I don’t mean I have black & white vision.  I see in colour like everyone else… but I can spot shots that will work well in black & white.  This I have from years of pre-visualising images, to anticipate what the eventual black & white image will look like once the negative is developed and printed.

Black & white to me works best when there is a lot of detail in the shot.  I’m more than happy to shoot images with lots of negative space, with very little going on… but the shots that excite me are the ones with loads of detail.

I love the detail in the netting wrapped around this building near the Oracle multistory carpark entrance.

The lone pigeon above caught my eye as I tried to capture something of the detail in its feathers against the rather featureless timber wall.  The crushed blacks in the foreground are the perfect counterpoint to the textured highlights on the bird’s back.

Did you notice I’m using long words like counterpoint, I’m just trying to impress (ha ha).


The last image

I deliberated about this last shot below.  Was it interesting enough to be included in the blog?

Whilst it’s not one of my strongest shots from the day, I’ve included it because it gives a glimpse into how I like to work.

I was following the light, I was chasing it (as landscape photographer David Noton describes it).

I was walking backwards in the High Street, narrowly avoiding collision with a number of shoppers, hoping to see the sun shining through one of the windows above the shops.  When I saw it, I had to capture it.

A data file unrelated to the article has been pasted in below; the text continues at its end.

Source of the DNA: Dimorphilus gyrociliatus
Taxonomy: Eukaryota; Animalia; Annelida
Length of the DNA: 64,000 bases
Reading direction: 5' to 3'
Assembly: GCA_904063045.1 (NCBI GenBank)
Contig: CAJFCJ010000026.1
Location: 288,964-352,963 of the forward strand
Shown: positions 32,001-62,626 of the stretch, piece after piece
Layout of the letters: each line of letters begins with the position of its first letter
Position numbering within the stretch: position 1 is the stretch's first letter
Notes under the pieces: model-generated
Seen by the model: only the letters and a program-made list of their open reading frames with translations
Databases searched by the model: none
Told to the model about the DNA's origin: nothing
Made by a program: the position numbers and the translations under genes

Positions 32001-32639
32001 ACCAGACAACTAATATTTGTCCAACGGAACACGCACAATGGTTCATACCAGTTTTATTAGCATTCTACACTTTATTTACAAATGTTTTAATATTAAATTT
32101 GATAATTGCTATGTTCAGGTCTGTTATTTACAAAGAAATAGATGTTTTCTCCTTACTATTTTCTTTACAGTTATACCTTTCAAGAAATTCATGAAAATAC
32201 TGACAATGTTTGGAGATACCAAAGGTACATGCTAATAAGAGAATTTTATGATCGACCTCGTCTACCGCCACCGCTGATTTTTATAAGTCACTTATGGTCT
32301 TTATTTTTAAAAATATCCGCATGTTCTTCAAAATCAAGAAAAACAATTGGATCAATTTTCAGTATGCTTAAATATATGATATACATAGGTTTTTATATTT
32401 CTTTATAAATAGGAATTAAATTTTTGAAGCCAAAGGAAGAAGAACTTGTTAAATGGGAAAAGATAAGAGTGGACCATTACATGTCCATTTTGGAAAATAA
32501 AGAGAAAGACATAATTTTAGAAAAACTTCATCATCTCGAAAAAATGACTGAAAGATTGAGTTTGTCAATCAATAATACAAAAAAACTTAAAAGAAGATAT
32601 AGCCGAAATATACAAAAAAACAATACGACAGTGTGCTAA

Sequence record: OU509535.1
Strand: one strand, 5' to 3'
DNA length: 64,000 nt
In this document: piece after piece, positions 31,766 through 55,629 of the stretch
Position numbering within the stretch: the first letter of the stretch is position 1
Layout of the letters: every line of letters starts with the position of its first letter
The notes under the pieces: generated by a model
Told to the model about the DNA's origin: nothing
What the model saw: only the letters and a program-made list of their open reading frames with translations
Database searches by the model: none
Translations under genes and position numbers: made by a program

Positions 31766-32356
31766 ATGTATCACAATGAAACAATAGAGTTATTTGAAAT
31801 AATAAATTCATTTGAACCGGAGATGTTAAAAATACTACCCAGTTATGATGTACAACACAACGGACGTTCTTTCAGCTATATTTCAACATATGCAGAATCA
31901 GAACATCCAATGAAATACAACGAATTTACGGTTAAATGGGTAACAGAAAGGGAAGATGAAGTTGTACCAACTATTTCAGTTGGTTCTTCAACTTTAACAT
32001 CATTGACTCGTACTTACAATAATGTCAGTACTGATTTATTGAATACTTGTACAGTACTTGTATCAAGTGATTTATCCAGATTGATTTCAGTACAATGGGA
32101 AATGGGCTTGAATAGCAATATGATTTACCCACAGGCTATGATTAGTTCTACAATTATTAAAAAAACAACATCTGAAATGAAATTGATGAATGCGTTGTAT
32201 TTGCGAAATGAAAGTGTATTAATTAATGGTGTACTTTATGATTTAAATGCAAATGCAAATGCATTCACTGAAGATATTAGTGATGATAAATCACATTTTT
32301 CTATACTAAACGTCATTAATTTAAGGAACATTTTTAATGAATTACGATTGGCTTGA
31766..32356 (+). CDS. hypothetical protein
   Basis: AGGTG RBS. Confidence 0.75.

As I stood there with my camera to my eye, I could feel the frustration of shoppers all around me as I blocked their way.  I could hear their tuts and although I was peering through my viewfinder, I was acutely aware of hostile body language as bodies manoeuvred themselves around me to get past.  They doubtless thought I was mad, pointing my camera at a second-floor window with nothing in it.  Well, nothing they could see.

I thought to myself

“The things I do for my art”!

Dropping down the aperture and cranking up the shutter speed to massively underexpose I ended up with this.

The final image is cropped slightly.

How do you capture your own abstract photos?

There are no hard and fast rules about what to look for to photograph. Instead, it is all about finding and capturing subjects and scenes that speak to you on a personal level and that lend themselves to creative interpretation.

Ultimately, the key to successful abstract photography is to keep an open mind and to be willing to experiment and take creative risks. Don’t be afraid to try out different techniques and approaches, and trust your own artistic vision and voice.

With practice and persistence, you will be able to capture beautiful and striking abstract images that showcase your unique perspective and style.


Kevin Ahronson

Kevin is a full-time professional photographer and has been teaching photography since 2009. He founded the Hampshire School of Photography where he runs photography workshops and gives one to one mentoring to photographers at all levels, from complete beginners through to those who want to turn professional